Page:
Population is divided into two parts-rural and urban on the basis of the size and occupation of settlements.
The rural population consists of small sized settlements scattered over the countryside.
Urban population is one that lives in large size settlements i.e. towns and cities.
However, more importantly this division is based on occupational structure.
In India, rural area is defined as one where three-fourths or more of its population is engaged in primary occupations such as farming, animal rearing, forestry, fishing, quarrying etc.
On the other hand, urban area is one where three-fourths or above of its population is engaged in non-agricultural activities such as manufacturing, trade, transport, communication, banking and social services like health, education, administration etc.
The total population of India spreads over more than 5.8 lakhs of villages and 4,615 towns.
India, proverbially, is considered to be a country of villages.
Even today, about 72% of the total population of India lives in villages.
But the proportion of rural population has been decreasing in each successive census.
Consequently the proportion of urban population to total population has been increasing slowly but steadily.
It was as low as 10.8% in 1901 and raised to27.8 by 2001.
The question arises why is it so?
It is because the rate of growth of urban population is higher than that of rural population.
In contrast to an average growth rate of about 21.34% in 2001 the urban population has registered a growth rate of 31.13 percent.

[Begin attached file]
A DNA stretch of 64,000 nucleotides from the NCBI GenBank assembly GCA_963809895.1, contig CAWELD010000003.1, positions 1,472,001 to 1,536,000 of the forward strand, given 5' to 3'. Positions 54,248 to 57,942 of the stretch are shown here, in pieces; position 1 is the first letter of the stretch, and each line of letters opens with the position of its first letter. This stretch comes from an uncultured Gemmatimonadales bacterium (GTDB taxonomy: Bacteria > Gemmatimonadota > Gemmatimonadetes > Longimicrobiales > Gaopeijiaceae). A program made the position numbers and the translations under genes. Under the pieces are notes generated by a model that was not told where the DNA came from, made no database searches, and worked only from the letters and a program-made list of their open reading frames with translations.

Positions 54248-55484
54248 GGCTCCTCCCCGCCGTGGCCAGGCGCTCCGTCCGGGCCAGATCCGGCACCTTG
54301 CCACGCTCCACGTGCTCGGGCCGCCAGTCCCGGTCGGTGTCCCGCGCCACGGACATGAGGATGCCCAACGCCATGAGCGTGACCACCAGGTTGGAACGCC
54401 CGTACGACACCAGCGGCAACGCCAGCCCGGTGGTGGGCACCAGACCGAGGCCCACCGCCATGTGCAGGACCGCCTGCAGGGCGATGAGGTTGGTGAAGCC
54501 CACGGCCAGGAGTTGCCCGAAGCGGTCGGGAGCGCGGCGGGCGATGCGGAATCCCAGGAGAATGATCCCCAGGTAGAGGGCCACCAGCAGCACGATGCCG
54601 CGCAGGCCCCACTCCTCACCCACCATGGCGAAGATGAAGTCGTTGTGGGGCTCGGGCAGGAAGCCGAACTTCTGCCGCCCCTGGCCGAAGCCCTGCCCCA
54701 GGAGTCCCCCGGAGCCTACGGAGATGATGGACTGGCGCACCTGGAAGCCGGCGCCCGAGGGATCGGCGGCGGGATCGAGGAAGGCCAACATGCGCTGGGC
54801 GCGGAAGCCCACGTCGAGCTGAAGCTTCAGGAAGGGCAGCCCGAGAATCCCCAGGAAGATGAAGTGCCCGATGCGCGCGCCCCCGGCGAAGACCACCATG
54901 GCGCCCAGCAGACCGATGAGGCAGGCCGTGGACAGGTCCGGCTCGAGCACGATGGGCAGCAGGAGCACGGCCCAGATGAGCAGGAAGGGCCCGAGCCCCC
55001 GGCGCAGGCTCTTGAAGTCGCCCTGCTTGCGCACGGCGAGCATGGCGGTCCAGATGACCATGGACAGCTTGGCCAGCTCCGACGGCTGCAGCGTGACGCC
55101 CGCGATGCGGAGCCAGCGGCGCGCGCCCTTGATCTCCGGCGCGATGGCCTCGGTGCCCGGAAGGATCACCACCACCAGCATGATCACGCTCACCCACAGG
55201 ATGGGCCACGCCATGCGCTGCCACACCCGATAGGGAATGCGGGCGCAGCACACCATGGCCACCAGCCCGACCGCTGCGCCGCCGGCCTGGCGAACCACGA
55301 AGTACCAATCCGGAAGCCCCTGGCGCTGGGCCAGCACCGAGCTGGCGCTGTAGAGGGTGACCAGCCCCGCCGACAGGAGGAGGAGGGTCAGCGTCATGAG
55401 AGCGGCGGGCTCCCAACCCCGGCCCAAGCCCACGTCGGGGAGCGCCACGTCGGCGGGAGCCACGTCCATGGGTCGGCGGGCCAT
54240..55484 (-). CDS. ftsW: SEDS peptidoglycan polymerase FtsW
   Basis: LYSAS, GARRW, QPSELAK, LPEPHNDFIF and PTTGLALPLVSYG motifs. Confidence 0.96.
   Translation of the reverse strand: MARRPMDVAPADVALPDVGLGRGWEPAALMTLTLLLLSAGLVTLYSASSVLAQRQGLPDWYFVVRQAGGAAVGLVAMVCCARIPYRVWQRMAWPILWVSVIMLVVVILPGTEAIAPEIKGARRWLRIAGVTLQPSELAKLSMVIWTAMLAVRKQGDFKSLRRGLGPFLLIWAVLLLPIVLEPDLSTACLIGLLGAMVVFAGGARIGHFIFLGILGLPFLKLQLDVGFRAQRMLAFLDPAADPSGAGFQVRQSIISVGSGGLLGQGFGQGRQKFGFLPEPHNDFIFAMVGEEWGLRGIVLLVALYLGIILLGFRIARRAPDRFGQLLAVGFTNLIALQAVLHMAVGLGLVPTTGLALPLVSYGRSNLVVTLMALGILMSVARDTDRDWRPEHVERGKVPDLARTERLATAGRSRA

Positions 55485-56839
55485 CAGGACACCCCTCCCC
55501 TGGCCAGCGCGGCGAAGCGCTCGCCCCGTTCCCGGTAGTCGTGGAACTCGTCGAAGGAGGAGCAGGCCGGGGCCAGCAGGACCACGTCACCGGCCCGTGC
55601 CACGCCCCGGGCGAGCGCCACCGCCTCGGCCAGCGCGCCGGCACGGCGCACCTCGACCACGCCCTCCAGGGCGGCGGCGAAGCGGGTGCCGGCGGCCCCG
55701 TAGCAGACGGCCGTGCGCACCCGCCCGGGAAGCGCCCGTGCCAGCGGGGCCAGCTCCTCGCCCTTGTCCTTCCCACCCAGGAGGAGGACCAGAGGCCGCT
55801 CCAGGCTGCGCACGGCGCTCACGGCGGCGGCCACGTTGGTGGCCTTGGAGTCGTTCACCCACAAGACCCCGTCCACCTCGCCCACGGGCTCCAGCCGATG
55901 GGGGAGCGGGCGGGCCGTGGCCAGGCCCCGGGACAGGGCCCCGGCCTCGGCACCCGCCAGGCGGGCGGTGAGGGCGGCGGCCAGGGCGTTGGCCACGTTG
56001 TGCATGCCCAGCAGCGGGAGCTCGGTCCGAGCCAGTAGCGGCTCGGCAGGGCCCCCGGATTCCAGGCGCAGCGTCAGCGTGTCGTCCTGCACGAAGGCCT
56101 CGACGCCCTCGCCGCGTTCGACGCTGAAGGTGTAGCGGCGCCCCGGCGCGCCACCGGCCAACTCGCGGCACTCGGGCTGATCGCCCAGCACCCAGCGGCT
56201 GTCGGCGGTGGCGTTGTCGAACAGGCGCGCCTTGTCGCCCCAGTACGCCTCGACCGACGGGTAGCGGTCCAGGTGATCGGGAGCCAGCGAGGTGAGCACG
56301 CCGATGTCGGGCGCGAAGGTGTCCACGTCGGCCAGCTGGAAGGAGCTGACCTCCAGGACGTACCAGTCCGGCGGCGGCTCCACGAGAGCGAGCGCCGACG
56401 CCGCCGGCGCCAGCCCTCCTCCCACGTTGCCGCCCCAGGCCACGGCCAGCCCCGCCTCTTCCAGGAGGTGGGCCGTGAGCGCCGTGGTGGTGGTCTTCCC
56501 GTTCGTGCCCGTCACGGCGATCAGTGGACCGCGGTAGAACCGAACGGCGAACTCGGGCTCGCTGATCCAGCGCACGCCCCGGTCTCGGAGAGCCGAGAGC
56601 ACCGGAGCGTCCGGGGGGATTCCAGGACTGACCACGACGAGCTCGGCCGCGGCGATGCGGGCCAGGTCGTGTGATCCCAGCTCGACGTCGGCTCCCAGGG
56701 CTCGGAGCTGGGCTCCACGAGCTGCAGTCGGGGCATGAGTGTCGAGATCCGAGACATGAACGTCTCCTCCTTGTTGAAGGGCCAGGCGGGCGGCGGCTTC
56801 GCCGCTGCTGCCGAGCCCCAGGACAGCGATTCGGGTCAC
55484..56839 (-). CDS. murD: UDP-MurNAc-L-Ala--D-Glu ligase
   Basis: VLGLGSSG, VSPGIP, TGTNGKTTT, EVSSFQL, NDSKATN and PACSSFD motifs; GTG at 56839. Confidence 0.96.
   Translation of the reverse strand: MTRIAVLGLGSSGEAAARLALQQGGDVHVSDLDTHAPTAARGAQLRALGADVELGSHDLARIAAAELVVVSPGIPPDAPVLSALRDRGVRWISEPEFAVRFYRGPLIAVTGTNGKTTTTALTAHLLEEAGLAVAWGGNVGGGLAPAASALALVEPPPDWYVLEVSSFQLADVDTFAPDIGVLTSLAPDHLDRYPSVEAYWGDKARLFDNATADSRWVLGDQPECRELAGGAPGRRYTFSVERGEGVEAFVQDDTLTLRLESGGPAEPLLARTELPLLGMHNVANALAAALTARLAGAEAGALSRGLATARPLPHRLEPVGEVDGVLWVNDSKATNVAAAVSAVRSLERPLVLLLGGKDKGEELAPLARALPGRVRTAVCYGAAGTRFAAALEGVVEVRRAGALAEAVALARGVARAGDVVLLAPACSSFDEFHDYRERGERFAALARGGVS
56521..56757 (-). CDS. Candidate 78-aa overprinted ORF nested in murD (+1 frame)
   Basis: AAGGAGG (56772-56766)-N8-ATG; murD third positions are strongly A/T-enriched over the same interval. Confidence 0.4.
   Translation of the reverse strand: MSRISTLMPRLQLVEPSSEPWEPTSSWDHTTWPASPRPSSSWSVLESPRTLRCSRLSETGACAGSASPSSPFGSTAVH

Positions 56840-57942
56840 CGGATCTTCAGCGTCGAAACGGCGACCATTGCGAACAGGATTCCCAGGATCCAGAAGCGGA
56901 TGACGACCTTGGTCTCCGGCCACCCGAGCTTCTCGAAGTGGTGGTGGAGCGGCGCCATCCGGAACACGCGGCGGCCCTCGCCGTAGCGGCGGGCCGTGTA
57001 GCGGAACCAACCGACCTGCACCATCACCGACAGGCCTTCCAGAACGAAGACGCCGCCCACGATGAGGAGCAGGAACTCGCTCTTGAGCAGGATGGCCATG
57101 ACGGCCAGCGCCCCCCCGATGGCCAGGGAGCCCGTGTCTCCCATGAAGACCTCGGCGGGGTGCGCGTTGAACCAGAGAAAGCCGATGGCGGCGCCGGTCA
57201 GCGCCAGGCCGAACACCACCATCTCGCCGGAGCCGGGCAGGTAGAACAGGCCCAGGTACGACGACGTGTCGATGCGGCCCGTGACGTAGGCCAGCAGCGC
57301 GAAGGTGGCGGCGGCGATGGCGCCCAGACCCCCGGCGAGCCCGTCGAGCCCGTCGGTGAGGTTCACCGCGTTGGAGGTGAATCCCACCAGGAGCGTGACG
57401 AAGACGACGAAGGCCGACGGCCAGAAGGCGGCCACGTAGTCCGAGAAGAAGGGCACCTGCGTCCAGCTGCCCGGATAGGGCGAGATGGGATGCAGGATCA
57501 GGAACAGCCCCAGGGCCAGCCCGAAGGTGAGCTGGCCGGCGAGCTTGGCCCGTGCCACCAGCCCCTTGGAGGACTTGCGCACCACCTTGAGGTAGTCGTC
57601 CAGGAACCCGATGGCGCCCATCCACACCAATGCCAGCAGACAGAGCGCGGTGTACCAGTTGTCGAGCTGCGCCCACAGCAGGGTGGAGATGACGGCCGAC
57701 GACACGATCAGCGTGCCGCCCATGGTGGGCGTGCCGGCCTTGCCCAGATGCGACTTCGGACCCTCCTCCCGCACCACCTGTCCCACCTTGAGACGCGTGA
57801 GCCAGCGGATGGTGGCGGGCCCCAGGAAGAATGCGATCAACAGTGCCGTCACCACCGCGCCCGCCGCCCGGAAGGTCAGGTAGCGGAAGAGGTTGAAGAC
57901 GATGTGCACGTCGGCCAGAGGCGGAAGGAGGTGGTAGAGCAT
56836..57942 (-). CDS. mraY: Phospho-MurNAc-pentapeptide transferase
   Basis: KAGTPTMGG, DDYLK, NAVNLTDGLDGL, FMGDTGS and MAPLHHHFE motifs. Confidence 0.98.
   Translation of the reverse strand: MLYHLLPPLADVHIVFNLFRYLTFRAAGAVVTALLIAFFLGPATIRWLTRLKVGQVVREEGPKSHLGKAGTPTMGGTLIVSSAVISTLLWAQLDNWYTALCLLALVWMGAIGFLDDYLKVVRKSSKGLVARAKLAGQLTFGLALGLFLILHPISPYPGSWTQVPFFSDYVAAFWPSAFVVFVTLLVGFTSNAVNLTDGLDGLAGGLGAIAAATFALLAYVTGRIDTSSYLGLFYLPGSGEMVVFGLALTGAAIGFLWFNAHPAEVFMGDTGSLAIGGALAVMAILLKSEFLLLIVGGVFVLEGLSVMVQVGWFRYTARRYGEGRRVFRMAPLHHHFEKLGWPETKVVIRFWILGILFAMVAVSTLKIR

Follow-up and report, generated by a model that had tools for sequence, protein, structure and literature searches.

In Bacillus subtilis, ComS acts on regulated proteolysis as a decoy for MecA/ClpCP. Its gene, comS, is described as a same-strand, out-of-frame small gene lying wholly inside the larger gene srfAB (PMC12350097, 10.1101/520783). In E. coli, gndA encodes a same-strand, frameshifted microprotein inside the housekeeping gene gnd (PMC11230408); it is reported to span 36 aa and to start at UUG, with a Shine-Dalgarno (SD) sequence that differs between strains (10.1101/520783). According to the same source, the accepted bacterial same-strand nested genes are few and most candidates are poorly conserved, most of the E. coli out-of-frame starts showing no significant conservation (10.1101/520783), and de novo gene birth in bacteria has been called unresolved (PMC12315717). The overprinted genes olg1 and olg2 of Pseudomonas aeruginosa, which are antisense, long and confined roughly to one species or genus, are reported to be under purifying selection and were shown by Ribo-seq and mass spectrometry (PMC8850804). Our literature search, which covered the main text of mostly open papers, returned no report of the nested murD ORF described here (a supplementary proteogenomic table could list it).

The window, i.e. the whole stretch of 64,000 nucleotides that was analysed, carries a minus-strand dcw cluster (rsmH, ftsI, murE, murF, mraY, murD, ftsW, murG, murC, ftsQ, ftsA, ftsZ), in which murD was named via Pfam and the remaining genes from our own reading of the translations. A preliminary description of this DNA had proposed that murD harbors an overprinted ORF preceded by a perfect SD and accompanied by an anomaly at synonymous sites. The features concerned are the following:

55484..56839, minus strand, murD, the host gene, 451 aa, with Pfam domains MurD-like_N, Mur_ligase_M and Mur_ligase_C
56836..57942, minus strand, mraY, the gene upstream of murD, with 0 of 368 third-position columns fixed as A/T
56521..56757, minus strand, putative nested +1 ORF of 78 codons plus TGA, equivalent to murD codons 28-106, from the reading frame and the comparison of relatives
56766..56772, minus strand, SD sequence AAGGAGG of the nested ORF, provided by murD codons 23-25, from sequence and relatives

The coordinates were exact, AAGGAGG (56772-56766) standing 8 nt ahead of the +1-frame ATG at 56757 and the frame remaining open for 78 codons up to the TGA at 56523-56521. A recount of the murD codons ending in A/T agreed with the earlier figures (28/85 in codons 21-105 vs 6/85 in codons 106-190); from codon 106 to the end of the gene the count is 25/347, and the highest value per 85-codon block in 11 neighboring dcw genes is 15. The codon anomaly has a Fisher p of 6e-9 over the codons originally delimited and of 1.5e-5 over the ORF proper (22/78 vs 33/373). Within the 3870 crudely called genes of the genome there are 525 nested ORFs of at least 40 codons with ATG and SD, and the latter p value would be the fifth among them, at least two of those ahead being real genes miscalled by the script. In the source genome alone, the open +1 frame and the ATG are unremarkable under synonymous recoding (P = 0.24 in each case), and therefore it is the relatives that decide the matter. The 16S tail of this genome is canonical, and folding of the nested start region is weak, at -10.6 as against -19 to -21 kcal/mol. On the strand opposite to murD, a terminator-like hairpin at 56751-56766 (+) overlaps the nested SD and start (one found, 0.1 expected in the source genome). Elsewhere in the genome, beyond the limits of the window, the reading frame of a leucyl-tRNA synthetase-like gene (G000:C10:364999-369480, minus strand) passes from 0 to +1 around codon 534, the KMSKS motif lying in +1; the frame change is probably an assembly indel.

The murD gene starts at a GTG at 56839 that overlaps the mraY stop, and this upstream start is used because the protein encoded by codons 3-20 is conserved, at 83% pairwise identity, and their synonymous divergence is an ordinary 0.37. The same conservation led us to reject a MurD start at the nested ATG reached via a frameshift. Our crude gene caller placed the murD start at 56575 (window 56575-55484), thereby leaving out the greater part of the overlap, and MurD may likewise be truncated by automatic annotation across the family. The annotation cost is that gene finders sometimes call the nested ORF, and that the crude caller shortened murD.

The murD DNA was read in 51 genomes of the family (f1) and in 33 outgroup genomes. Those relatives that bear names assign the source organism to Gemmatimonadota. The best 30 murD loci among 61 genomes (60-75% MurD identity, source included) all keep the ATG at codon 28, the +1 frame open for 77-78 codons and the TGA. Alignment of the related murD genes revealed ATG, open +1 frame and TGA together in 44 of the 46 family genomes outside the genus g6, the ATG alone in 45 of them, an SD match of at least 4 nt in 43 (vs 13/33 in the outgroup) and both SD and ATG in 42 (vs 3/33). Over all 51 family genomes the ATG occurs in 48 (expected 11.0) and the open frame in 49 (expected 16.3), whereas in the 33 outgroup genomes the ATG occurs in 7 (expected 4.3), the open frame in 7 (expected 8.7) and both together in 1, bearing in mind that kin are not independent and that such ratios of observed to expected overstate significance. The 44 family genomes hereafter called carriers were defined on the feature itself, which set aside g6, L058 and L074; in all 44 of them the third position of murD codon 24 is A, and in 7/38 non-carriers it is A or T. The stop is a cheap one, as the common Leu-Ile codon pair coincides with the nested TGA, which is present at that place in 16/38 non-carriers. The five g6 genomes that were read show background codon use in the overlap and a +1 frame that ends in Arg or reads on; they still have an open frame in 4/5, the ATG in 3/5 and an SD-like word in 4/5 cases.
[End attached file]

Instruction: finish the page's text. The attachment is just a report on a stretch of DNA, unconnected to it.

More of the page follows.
However all this growth is not a result of only the natural increase of population.
In fact, much of the growth of urban population is due to high rate of migration of people from rural to urban areas.
This also indicates a slow change in the occupations of people from primary to secondary and tertiary activities.
Very often limits of municipal or city Corporation areas are extended to cover neighbouring villages or suburbs.
Half of the total urban population of India lives only in five states.
These five states are Maharashtra, Uttar Pradesh, Tamil Nadu, West Bengal and Andhra Pradesh.
Gujarat, Karnataka, Madhya Pradesh, Bihar, Rajasthan and Union Territory of Delhi, have about 32 per cent of urban population of the country.
Rest of the urban population (about 18%) is spread over the remaining states and Union Territories.
According to 2001 census, 35 cities have more than 1000000 population each.
They are called the metro-Politian or million plus cities.
These 35 metropolitan cities alone account for 37.8% of the total population.
If this trend continues, India will have more than 50 metropolitan cities in India at the time of 2011and will have half of the urban population of the country.
This highly rapid growth of metropolitan cities will brings several problems like supply of housing, electricity, water, school, dispensaries, ration shops etc.
All the 35 metropolitan cities are arranged in terms of descending orders of population.
These are Greater Mumbai, Kolkata, Delhi, Chennai, Bangalore, Hyderabad, Ahmedabad, Pune, Surat, Kanpur, Jaipur, Lucknow, Nagpur, Patna, Indore, Vadodara, Bhopal, Coimbatore, Ludhiana, Kochi, Vishakhapatnam, Agra, Varanasi, Madurai, Meerut, Nasik, Jabalpur, Jamshedpur, Asansol, Dhanbad, Faridabad, Allahabad, Amritsar, Vijaywada and Rajkot.